Perfectionism. Many of us are guilty of it. From the college student who wakes up at 4am to go over that paper one more time to the executive who completely reworks their presentation hours before a big meeting. Perfectionism is a personality trait that seems to hit writers especially hard. French author Gustave Flaubert famously devoted himself to finding let mot juste, or “the right word.” Is this compulsion to be perfect a healthy motivator or an anxiety-inducing lost cause?
By definition, a perfectionist regards anything short of perfection as unacceptable. It’s an attitude that’s often associated with high achievement–particularly in America, where an all-or-nothing approach permeates almost every facet of our society. We love hearing about the extreme diet and work out regimens of star athletes like Serena Williams or Tom Brady. Williams is well known for her on-the-court outbursts, a behavior that can easily be attributed to her desire to be the best. Brady, ever the perfectionist, refuses to autograph photographs where his throwing form looks off.
But Flaubert gave us Madame Bovary. Serena Williams has won a record 23 Grand Slam titles. And Tom Brady has 5 Super Bowl rings. So isn’t this behavior worth copying?
The Less-Than-Perfect Truth About Perfectionism
Psychologist Thomas S. Greenspon is an expert on perfectionism, and claims that the most successful people are less likely to be perfectionists. This is because perfectionists are often crippled by their anxiety over making a mistake. If that’s not enough to deter you, Psychology Today also links perfectionism with relationship trouble, exhaustion, and a deeper sense of shame. Fun, huh?
When it comes to writing, perfectionism is particularly harmful because “perfect” writing doesn’t exist. It’s a vague standard, impossible to achieve. I think Pride and Prejudice is a perfect book, while my brother thinks it’s rubbish. Which one of us is right?
Let’s not forget that writers can be a distinctly critical group of people. We tend to pummel our writing until we’ve chosen the best word or sentence structure or hook. Our work is so precious to us that a well-known editing technique is to “kill your darlings,” or remove your most precious passages for the greater good of the piece. Even after multiple edits, it’s hard for us to walk away from our writing and say, “well it’s good enough.” But at some point, we all have to do it—if we don’t, we’ll never finish anything at all.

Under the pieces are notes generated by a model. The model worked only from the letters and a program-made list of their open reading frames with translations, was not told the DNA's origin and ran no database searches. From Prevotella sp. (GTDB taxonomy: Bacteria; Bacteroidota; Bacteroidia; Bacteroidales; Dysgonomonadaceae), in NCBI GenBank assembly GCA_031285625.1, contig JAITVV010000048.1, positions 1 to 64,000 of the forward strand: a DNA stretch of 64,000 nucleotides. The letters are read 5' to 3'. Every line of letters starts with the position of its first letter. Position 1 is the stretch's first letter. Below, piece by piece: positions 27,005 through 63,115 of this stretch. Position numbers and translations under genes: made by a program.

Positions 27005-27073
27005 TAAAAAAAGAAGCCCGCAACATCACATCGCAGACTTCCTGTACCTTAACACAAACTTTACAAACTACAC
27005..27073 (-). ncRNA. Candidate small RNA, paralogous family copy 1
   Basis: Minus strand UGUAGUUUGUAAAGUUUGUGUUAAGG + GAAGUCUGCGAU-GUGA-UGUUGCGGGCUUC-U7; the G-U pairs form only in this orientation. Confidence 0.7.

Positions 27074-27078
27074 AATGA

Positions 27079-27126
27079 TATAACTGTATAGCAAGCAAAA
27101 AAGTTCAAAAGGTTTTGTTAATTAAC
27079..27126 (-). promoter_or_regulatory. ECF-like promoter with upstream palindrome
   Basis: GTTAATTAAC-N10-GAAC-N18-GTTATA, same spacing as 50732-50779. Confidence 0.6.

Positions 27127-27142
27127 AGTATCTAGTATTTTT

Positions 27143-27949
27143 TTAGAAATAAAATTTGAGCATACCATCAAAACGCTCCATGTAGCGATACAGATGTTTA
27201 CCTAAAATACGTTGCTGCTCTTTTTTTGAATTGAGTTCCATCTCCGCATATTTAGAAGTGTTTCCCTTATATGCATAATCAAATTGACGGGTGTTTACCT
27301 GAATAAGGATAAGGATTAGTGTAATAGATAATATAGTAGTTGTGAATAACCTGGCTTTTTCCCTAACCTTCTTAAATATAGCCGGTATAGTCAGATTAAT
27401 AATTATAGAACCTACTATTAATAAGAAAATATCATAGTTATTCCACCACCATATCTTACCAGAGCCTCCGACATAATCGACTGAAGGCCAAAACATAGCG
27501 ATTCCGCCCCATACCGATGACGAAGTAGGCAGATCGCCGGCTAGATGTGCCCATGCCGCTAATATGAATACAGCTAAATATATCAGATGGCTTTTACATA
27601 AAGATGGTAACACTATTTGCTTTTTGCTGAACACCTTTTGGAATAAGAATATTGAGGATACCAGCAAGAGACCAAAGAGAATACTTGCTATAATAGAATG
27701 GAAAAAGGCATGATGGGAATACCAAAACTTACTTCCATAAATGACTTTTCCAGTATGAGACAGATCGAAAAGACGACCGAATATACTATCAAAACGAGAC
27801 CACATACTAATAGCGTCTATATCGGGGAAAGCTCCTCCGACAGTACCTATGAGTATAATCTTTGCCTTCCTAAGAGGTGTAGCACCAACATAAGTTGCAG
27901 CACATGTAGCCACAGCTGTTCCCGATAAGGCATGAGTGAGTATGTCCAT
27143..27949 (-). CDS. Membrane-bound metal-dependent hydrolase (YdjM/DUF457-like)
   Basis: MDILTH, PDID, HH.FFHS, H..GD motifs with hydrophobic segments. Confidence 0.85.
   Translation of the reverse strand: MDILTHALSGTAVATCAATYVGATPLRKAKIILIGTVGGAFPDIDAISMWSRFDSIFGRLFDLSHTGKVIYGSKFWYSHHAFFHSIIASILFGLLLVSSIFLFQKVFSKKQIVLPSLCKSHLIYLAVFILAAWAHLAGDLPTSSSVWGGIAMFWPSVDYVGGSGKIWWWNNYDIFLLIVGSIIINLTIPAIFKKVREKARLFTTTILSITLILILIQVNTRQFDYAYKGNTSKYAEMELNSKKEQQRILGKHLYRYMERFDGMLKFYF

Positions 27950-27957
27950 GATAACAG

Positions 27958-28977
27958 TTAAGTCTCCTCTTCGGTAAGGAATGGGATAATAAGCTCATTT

So for the sake of both your future writing success and your mental health, here are a few tips to get you out of a perfectionist mindset:
- Free write. Get your notebook out or open up a blank word doc and just write. Let your mind wander. This isn’t about what others will think about your writing, it’s about getting all your ideas out there.
- Utilize drafts. Writing is rewriting. Just put pen to paper or fingers to keyboard and get a first draft down. It may take multiple drafts to get your work to where you want it to be, and that’s okay! Just take it one draft at a time.
- Get some space. When you’re close to a final product, step away from it for a bit. If you’ve got time to spare, give it a day or two before going back to revise. If one eye is firmly planted on an encroaching deadline in the rear view mirror, don’t let your perfectionism lead to unnecessary anxiety—take a walk, listen to some music, or make a cup of tea before you make the final edit. Clearing your head and getting some distance allows you to see your work in a new, constructive light—without the hours spent stressing over every minute detail.
- Have someone else take a look. The hard truth is, we’re often too close to our writing for our own good. We also have a tendency to develop an internal auto-correct—we know what we meant, so we don’t always notice our typos, even on the tenth read through. But that isn’t the case for others reading what we’ve written for the first time. So whenever possible, have a fresh pair of eyes look over your work. Maybe a trusted colleague, or a friend who owes you a favor. They may spot something you don’t. Or better yet, they may tell you the piece you’ve been agonizing over for weeks is brilliant and you’ve nothing to worry about. A little encouragement now and then is good for the confidence!
- Publish it. Remember there’s no such thing as perfect writing. At some point it’s going to be time to let your baby go out into the world. Pat yourself on the back, tell yourself that it’s “perfect enough,” and hit publish. Do this enough, and you’ll learn to worry less about imperfections and enjoy the act of writing more and more.
At MarketSmiths, we’ll admit we’re all recovering perfectionists at heart. (How many edits do you think this blog post went through?) If you love the idea of writing a great blog for your business but are nervous about getting started, we can help. Our DIY Blogging Course won’t teach you how to be a perfect writer—remember, they don’t exist—but we’ll equip you with everything you need to write quality content that showcases your expertise and helps new customers find you. Get in touch today to find out more.